After intravenous injection of [125I]-iodo-parathyroid hormone in the rat, uptake of the hormone was greatest in the liver and kidneys. Uptake was rapid, reaching a maximal concentration by 4 and 8 min, respectively. Extracts, prepared from both these organs at intervals soon after the injection of intact hormone, showed three main radioactive peaks when samples were subjected to gel filtration under protein-denaturing conditions. The first peak coeluted with intact hormone. The second eluted at a position corresponding to the carboxy-terminal fragments previously described in plasma, and the last eluted at the salt volume of the column. Microsequence analysis of the radioiodinated fragments, a method that has proved valuable for chemically defining the circulating fragments resulting from metabolism of injected hormone, showed that extracts of liver and kidney, prepared at 4 and 8 min after injection of the intact hormone, contained different fragments. The radioiodinated fragments in liver extracts were identical to those previously reported in the plasma of rats and dogs, fragments resulting principally from proteolysis between positions 33 and 34, and 36 and 37 of the intact hormone. Although the same fragments were also present in the kidneys, they constituted less than 15% of the amount present in the liver. More than 50% of the labeled renal fragments consisted of a peptide whose amino-terminal amino acid was position 39 of the intact hormone, a fragment not present in plasma. The rate of appearance of radioiodinated fragments that were chemically identical to those in plasma was more rapid in the liver than in plasma. Correlation of these chemical analyses with studies of the localization of 125I by autoradiography showed that at the times when the intact hormone and the carboxy-terminal fragments comprised nearly all of the 125I-labeled moieties in the tissues, the proximal convoluted tubules of the kidney and sinusoidal lining cells of the liver, which probably are Kupffer cells, contained the highest concentration of 125I. Preferential localization of immunoreactive parathyroid hormone to these tissue sites also was shown by immunoperoxidase staining in studies with unlabeled hormone. Our results suggest that, unless multiple renal mechanisms are present for release of hormonal fragments, one of which releases the circulating fragments preferentially, the liver, rather than the kidney, is principally responsible for generating the carboxy-terminal fragments in plasma after injection of intact hormone, and the Kupffer cells may contain the enzymes that hydrolyze parathyroid hormone.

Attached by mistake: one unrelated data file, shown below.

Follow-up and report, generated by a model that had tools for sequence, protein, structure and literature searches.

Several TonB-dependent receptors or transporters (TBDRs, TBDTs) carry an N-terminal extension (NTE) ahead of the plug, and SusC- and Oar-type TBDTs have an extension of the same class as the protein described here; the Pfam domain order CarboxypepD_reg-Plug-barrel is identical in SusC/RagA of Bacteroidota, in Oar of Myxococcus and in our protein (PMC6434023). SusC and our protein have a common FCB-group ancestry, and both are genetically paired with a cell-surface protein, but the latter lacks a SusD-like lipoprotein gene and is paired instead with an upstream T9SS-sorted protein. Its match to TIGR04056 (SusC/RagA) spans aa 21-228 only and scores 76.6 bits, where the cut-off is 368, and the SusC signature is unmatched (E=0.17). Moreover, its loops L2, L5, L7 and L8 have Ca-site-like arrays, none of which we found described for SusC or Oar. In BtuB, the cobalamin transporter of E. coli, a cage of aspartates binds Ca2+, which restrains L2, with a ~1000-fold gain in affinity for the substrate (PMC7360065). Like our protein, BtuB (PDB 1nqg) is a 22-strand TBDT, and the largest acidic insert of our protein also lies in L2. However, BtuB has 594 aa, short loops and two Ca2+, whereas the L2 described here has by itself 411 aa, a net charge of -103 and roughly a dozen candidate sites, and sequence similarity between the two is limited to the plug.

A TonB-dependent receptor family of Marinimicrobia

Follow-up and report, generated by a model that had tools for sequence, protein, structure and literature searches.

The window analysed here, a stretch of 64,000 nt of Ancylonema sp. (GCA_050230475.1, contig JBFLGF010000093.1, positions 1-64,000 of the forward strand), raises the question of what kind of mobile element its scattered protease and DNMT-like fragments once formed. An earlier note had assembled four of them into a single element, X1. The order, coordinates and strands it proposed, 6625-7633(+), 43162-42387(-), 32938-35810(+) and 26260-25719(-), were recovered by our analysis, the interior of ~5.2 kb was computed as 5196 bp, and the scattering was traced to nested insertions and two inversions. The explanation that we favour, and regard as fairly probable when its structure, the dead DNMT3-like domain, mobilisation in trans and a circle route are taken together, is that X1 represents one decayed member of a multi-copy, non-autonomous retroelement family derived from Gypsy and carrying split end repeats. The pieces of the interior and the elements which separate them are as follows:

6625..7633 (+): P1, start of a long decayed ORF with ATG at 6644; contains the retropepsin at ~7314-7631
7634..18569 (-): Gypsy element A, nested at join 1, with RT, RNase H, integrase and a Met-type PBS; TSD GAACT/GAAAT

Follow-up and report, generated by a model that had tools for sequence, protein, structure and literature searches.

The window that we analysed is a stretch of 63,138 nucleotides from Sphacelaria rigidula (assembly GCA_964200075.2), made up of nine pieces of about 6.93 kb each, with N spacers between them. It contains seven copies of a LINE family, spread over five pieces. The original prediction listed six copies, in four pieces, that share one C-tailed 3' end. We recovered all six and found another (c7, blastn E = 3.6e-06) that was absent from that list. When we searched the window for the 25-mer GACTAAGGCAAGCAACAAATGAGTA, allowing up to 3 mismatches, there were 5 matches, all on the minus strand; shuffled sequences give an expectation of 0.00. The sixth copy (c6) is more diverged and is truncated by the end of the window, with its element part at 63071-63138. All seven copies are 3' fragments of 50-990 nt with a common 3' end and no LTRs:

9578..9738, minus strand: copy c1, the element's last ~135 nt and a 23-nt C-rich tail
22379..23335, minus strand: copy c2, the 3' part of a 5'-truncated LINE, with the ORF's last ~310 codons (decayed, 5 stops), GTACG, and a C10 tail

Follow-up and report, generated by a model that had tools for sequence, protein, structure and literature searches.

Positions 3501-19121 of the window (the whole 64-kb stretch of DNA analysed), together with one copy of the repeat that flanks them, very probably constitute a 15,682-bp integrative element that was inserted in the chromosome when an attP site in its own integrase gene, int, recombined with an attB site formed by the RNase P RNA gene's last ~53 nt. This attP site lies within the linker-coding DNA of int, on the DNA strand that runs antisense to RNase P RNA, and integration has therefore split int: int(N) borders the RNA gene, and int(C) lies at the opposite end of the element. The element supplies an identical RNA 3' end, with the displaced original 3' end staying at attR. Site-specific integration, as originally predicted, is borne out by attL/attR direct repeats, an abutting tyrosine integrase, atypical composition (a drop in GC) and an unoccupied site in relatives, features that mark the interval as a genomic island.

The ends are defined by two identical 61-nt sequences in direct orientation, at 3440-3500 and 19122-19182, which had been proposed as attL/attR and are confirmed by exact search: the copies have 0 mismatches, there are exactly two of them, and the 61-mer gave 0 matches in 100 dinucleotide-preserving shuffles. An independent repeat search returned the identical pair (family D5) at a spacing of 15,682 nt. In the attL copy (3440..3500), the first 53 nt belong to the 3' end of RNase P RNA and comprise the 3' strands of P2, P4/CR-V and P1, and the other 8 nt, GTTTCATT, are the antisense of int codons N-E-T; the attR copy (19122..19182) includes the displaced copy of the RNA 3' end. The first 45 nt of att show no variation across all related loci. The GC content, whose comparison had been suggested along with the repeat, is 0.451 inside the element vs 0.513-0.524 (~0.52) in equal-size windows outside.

Pierre D'Amour, Gino V. Segre, Sanford I. Roth, John T. Potts Jr.